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What does it mean that a protocol realizes "strong mutual authentication"? And what does it mean that a protocol realizes "weak mutual authentication"? Can you define them formally ?

I have found a definition for "strong mutual authentication" here on slide 36 (not formal):

Strong mutual authentication requires not only matching conversation records: all principals’ records of the content and the order of all messages must coincide, but also matching views of the intent: all principals’ views of the purported sources and the intended destinations of all messages should also coincide.

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  • $\begingroup$ @owlstead : The question I get is the first part of a multiple parts question , when it is asked they didn't specify which protocol it is, so I didn't think the name is important. Later part ask to prove that $CREE_0$ - nest is "weak mutual authentication". $\endgroup$ Jun 7, 2014 at 17:39
  • $\begingroup$ @owlstead : I can provide $CREE_0$ - nest 's definition if you want. $\endgroup$ Jun 7, 2014 at 17:53
  • $\begingroup$ OK, but I'm not sure that posting the protocol will help solve this issue; it is still unclear what the word "strong" means in relation to the protocol, we may need the context for the security claim. $\endgroup$
    – Maarten Bodewes
    Jun 8, 2014 at 10:08
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    $\begingroup$ Sorry, chat is not currently available, it says I have to log in (which I already have). I can see you are trying to salvage the question, and we are trying to answer, but "strong" in itself does not have any meaning. So without the particular claim, we can simply only guess. Maybe you haven't got enough context either, but in that case you should ask the authors for more detail. We want to answer, we just cannot. $\endgroup$
    – Maarten Bodewes
    Jun 8, 2014 at 13:50
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    $\begingroup$ Yes, that link contains one definition of strong authentication. If you are sure that is the definition of strong authentication you want to use, by all means edit it into your question. $\endgroup$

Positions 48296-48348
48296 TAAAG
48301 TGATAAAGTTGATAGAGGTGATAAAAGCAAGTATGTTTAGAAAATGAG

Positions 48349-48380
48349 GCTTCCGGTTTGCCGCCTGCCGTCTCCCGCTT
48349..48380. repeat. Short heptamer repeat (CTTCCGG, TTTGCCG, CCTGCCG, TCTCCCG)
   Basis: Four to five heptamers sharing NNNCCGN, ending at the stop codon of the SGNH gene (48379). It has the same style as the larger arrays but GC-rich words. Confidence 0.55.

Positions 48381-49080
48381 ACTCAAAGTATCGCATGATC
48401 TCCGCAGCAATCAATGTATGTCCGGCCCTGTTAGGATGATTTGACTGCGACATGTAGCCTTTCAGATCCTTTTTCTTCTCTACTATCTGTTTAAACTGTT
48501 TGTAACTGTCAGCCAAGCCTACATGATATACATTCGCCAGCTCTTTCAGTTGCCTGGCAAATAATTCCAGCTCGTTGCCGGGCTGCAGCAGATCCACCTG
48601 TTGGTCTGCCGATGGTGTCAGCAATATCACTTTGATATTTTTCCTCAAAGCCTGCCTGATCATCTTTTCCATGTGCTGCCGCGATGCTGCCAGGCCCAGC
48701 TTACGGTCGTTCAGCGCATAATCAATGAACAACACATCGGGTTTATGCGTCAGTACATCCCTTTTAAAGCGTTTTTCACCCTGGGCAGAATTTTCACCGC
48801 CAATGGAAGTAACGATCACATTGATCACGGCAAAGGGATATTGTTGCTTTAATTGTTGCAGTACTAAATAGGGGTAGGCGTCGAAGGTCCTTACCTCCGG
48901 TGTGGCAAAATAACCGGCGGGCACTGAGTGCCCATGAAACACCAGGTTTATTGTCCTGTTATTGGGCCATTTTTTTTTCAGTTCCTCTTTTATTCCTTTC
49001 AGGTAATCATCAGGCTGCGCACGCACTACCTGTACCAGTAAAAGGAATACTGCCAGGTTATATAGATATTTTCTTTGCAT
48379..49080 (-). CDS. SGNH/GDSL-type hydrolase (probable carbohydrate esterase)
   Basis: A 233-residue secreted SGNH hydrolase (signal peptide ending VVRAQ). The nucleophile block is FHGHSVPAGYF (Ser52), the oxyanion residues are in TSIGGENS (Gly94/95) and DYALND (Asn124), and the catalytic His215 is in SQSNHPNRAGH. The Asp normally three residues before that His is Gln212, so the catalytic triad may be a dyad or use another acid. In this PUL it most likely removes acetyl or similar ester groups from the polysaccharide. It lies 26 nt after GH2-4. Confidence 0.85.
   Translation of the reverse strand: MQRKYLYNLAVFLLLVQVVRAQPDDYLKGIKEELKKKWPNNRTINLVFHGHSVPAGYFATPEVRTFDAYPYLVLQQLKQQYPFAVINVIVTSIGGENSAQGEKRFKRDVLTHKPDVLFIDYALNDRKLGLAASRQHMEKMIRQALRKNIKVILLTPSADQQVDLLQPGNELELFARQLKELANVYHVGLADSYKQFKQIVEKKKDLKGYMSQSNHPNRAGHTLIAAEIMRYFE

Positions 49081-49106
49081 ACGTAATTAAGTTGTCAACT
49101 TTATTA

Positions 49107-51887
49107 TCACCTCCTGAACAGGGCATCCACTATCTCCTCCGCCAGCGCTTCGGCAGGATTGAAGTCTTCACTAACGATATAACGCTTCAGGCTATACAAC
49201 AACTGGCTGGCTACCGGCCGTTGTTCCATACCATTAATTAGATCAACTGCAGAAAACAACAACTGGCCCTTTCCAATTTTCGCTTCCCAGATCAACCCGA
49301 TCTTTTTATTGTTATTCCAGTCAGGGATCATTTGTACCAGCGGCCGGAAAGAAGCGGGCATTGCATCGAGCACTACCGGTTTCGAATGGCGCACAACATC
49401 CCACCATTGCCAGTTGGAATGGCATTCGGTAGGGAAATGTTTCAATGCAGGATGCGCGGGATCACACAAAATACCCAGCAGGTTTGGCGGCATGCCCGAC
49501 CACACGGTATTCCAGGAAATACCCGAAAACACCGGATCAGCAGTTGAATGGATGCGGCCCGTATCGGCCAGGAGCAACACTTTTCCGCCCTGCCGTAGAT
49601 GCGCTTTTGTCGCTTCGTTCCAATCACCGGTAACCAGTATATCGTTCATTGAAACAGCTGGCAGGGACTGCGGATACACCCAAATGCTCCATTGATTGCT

– Maarten Bodewes
    Jun 9, 2014 at 18:02

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Strong with regards to cryptographic protocol usually means that the protocol is secure if the underlying primitives can be proved cryptographically strong. In your case, that could be because authentication is performed using a symmetric cipher and a key that is only distributed for 2 participants.

But as indicated in the comments, "strong" depends on context, you won't get any assurances from it by itself.

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  • $\begingroup$ In other words, "strong" and "weak" depend on what is within the scope of a particular threat model. Biometrics, 2FA, MFA, OTPs, TOTPs, PKI-based authentication, etc., could all be part of a strong system. "Strong" would mean the system meets all security goals, which is more than just the strength of the underlying cryptographic primitives taken separately, right? $\endgroup$
    – Patriot
    Jul 11, 2021 at 10:22
  • $\begingroup$ I guess, but I would be very hesitant about assigning it even that meaning. I mean, if I was auditing documentation and it would just say that a "strong" method would be used, then I would not assign it any meaning whatsoever. It would need further clarification. $\endgroup$
    – Maarten Bodewes
    Jul 11, 2021 at 10:27
  • $\begingroup$ That makes sense. It can be very problematic to justify such assured blanket statements. I got it. $\endgroup$
    – Patriot
    Jul 11, 2021 at 10:40

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